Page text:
This is quite dark. As is the book. But even what doesn’t console may compensate, and if Rise and Float’s search for salvific meaning fails, the language, gorgeous in its precision, remains as its own testament of perseverance. It is unafraid to risk a deeper, older key; a serious earth demands serious speech. It reminds us that our lives are unevenly textured; that we will, in the course of things, encounter questions and worlds of feeling that daily experience has not prepared us for, and that our normal ways of speaking are incapable of grasping. But the circuits traveled by its similes remain, as do the connections that they create as they move: reaching vertically to great questions, slipping sideways between people, or groping back in time to keep the dead and lost places vivid.
The first poem, “Wormhole,” launches us into a spiritual crisis. A quantum Dante, with notes of Hecht’s Hill, of Keats’s Nightingale, of Glück’s October. It begins:
All winter, the house groaned as in a very great depth,
so that I often couldn’t sleep. Then, one day, as if the inverse
of lightning, silence occurred, entrusted to the hour:
I became each minute, I became every direction at once
and fled from source and definite position, and returned
to my mother in plaid widow slippers, the blue flaking hallway
at the end of which she’d wrap gifts with the funny papers,
and I felt again the weight of her life shaping my fate —
And the poem inhabits that memory before going back to a place like the one where it began:
the impatiens soured and gave a small yelp; some of them
had names I could not take with me. Night fell. The treasure
I thought at the outset was wholeness, was not wholeness.
A passing car went white as the head of a match, and was gone.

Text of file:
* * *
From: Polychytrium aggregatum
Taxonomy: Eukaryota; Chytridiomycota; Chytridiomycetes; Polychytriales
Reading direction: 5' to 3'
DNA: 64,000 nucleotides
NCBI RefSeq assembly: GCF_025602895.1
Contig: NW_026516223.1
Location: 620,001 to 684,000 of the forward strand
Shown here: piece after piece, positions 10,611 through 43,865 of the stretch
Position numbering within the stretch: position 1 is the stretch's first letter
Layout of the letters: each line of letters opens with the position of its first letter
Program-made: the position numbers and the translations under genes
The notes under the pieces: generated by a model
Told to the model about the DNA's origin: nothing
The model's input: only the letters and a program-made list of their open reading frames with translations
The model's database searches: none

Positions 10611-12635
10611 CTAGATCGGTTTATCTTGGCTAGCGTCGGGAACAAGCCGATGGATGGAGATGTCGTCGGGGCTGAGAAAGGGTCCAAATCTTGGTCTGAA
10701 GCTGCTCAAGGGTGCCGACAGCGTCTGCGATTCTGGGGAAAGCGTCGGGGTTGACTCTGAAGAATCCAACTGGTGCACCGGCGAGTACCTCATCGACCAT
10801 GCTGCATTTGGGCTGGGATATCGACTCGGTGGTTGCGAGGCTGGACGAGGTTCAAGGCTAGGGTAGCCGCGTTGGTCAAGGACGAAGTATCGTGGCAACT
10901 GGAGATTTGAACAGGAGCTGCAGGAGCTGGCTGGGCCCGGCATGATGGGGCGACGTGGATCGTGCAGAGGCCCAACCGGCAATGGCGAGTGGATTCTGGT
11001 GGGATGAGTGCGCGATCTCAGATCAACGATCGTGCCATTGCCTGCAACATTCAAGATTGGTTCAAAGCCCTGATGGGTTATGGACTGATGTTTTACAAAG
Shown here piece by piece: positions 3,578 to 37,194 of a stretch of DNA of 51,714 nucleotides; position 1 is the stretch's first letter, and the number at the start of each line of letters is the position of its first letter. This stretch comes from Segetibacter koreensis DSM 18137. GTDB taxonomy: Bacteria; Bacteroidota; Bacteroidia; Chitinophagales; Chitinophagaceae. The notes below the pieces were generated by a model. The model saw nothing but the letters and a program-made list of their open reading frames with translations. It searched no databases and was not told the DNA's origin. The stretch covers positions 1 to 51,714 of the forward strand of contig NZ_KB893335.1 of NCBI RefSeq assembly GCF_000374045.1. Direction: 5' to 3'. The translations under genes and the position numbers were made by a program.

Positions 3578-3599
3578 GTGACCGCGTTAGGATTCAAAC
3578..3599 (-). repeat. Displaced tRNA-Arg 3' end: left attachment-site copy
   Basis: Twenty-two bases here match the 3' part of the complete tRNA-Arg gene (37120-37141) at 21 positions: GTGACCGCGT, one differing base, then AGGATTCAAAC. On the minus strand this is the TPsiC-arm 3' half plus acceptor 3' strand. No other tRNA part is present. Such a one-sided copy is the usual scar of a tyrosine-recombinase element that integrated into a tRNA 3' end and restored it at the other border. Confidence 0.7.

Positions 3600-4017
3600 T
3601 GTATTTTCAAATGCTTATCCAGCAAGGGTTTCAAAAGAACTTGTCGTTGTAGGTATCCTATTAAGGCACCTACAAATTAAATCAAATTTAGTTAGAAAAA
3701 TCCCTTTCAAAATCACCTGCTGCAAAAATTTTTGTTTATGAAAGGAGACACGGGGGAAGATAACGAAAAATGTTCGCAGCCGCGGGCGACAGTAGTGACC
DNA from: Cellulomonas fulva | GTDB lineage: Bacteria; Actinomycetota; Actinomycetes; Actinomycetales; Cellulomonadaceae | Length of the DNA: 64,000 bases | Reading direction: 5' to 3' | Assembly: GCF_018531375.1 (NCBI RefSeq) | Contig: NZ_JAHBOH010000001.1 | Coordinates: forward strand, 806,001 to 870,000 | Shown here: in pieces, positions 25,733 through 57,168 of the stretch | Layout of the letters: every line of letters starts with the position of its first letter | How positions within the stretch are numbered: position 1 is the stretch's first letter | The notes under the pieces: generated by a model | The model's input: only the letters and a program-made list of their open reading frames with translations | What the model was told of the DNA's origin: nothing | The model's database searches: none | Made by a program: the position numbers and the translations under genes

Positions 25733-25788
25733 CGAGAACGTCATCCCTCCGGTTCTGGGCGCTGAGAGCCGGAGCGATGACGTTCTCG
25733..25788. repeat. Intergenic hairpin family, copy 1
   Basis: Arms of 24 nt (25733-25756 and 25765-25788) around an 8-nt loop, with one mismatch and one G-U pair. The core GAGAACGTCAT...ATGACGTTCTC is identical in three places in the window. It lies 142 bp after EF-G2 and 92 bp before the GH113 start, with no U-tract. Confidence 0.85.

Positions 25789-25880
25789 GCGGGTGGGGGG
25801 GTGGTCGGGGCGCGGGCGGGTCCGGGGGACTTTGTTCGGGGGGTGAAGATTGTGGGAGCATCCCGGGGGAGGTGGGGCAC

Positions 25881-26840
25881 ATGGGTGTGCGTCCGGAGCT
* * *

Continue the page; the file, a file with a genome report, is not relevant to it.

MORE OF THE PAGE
Part of what’s so striking about the poem, and about Tierney’s work in general, is the way its testamentary tone, its journalistic commitment, prepares a reader to accept a world in which abstract qualities (“source and definite position”; “wholeness”) are treated as entirely of the same reality as tangibles. This is a world in which both the beginning and the end — where we would expect concrete stability — are radically unstable; what is most vivid is the principle of linking in the middle, the Freudian hallway/wormhole itself. Its crisis is pointedly linguistic and only possible in this world where figurative language is felt in entire earnestness. The second stanza so exceeds normal ways of being and speaking that to make sense of it we have to read the epic similes “as in” and “as if” in the first stanza of this gateway poem as preparing not a lesser reality that clarifies a stable real, but a looser, more intense linguistic reality that makes us reconsider the sufficiency of what we understand in daily life as real. Ending, the poem deposits us back in a place that has the tonality of knowledge, but in fact redoubles the linguistic failure and the compensatory figurative squibbing that launched the poem. Names are unnameable, wholeness is not wholeness, and the passing car, which is so exceeded by the match simile that we forget it is a car (its syntax — “was gone” — encourages this collapse), vanishes.